At the beginning of the year, many picked the Marlins and their revamped team with the acquisitions of Jose Reyes and Heath Bell among others to possibly win the NL East. Gaby Sanchez was one of the players set to contribute in the middle of that lineup, but much like the entire team, he was a gigantic disappointment. After the first 55 games of the season while hitting just above the Mendoza line at .202, Sanchez was sent down to the minors and subsequently traded to Pittsburgh. Though he fared better for the Pirates than for the Marlins, he still finished the year with a .217 average and only seven home runs, a huge dropoff from back-to-back 19 home run seasons in 2010 and 2011.
1. Eric Hosmer, 1B, Royals
During Spring Training, there was a lot of buzz around the Royals that they may be the team on the rise given their farm system and dearth of young talent. One of the centerpieces of this renewed hope was Eric Hosmer, and after his rookie campaign in 2011, it was easy to believe given that he hit .293 with 19 HR and 78 RBI in only 128 games. Much like his team, Hosmer severely underperformed his expectations this year hitting .232 in his first full season in the majors with less home runs (14) and less RBI (60). You would hope that this is just your classic sophomore slump for the third overall pick in the 2008 draft and 2013 is a year he can replicate or even outperform his 2011 numbers.
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by Eno Sarris //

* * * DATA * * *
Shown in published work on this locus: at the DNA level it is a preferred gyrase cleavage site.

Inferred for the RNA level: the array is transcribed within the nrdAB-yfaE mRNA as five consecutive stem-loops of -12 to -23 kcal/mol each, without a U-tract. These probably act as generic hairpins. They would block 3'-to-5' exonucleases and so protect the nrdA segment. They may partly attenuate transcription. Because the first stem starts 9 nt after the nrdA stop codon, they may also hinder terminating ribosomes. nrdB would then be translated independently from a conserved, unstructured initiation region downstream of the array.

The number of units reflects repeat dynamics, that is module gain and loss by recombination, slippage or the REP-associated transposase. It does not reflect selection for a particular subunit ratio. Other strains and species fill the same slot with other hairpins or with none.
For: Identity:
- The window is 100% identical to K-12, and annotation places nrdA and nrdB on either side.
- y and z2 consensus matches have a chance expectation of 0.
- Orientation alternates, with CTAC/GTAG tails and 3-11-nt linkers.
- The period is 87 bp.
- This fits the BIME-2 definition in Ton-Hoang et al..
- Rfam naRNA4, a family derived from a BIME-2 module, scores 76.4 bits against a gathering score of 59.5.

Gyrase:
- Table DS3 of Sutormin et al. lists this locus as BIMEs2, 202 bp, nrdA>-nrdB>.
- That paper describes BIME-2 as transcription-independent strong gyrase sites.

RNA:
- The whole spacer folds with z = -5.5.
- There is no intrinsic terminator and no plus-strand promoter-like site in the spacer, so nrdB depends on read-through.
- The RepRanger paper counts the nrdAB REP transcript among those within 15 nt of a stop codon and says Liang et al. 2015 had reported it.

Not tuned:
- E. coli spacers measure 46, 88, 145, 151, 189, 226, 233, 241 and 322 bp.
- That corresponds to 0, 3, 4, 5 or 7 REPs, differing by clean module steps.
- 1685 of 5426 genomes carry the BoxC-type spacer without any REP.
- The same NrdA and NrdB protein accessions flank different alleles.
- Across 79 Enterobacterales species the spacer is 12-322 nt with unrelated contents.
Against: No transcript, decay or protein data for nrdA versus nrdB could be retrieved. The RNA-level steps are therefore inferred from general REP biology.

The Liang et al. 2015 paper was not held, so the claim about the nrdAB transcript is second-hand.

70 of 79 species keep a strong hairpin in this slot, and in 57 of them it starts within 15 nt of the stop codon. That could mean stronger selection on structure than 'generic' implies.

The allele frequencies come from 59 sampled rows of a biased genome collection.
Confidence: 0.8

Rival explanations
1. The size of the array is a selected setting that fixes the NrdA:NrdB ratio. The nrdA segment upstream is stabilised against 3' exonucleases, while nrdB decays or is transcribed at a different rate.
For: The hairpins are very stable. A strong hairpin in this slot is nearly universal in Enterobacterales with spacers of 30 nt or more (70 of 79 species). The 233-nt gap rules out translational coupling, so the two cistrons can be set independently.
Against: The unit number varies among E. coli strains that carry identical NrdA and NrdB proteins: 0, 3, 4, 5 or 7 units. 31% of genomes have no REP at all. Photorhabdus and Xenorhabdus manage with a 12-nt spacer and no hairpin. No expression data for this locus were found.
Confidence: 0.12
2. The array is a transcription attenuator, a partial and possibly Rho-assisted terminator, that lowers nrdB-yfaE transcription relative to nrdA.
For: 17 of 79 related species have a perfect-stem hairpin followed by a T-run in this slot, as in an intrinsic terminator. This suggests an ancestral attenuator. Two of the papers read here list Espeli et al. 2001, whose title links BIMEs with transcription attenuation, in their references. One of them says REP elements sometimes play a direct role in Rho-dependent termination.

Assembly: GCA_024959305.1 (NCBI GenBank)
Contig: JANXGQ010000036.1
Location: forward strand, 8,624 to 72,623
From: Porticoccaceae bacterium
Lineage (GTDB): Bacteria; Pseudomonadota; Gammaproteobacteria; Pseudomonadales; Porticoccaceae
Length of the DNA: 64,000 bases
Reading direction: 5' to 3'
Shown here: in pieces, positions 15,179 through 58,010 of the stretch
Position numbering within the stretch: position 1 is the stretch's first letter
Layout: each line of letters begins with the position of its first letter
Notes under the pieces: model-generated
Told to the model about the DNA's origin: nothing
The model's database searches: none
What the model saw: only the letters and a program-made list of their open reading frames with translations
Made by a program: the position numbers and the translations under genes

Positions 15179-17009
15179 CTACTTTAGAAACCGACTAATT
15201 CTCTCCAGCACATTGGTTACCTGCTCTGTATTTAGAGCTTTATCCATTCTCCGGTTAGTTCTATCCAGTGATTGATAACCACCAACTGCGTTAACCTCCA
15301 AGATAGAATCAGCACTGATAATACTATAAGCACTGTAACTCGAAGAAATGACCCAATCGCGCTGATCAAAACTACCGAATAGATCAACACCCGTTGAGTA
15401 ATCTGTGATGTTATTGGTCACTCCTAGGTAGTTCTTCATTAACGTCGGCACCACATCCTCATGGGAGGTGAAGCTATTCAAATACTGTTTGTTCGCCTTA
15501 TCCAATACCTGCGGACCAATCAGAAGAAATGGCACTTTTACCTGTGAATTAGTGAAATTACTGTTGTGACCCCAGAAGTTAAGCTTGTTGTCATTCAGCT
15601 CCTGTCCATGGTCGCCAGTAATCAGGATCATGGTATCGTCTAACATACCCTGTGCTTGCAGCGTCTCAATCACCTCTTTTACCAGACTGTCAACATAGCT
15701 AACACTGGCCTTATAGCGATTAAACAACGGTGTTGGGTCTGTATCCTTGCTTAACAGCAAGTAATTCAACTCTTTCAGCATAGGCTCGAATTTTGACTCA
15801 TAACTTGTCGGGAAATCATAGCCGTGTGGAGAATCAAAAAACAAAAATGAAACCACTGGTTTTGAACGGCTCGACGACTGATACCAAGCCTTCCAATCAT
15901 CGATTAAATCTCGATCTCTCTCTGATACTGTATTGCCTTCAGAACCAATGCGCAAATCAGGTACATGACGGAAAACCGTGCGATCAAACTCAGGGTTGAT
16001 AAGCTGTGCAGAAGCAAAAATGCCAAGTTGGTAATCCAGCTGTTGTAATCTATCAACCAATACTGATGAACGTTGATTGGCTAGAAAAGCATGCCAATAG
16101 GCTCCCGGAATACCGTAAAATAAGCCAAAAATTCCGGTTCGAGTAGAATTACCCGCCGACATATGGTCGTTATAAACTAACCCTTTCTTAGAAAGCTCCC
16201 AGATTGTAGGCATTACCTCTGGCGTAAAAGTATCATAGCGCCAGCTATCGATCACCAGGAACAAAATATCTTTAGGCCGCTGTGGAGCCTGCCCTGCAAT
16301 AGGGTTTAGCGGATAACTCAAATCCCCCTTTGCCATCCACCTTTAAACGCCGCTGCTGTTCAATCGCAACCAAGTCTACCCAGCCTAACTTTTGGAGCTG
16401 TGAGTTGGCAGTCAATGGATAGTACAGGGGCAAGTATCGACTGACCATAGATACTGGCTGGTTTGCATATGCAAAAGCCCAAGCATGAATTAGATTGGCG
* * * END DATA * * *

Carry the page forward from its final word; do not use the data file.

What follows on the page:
Perhaps the title provides a little clue about the probability that this move works out well for St. Louis. While the deal was short (one year), the dollars were perhaps surprisingly high ($8 million) for a move that flies in the face of some poor trends in Lance Berkman‘s production over the past few years.
Age is a bitter beast that comes for us all. Since Berkman turned 32 in 2006, he’s turned south in a pronounced way. He had 665 plate appearances that year, right in line with his career production. Then, in 2009, he stepped to the plate 563 times. Last year? 481 times. Along the way, he had knee surgery and had some arthritic changes in the joint that don’t bode well for his mobility in the outfield.
Though defense doesn’t factor in to fantasy numbers directly in most leagues, it can have secondary effects. Berkman may find that he can’t play daily in the outfield on that knee – he hasn’t patrolled the outfield regularly since 2007, and that was only for 31 games. He also hasn’t been rated as a positive defender in the outfield since 2003 – what happens when Tony La Russa gets tired of watching Berkman muff fly balls?
All of this is before we even look at Berkman’s offensive statistics, which have also shown decline. Since 2008, Berkman has seen his isolated power decline (.255 ISO down to .166) while his BABIP has also dropped (.341 down to .282). While BABIP is often used as a stat to suss out luck on batted balls, players do have some control over the number, usually tied to their speed and their ability to rack up line drives. The numbers, in this case, line up with what we can see with our eyes: Berkman has lost a step and a little bat speed.
We shouldn’t be surprised. Only 18 first basemen over 35 have put up better than an .800 OPS since 1975, and only Mark McGwire, Andres Galarraga, Jeff Bagwell and Carlos Delgado hit more than 30 home runs beyond that age. Berkman failed to put up an .800 OPS for the first time since he’s become a major league regular, so he’s in danger of repeating that feat. As for the second part, he’s only managed 30 home runs five times in his career – the last was in 2007. He probably won’t make that group a quintet.
The Big Puma has always had a great approach at the plate, so in leagues that count on-base percentage, he may still be a boon this season. More traditional leagues should spend no more than a late-round pick on Berkman.
By Tommy Rancel //
Despite being the Tampa Bay Rays all-time home run leader, Carlos Pena was the second-most important Rays player to sign with a new team at the winter meetings. Carl Crawford got the big bucks from the Boston Red Sox, and Pena is looking to make a big comeback with the Chicago Cubs in 2011.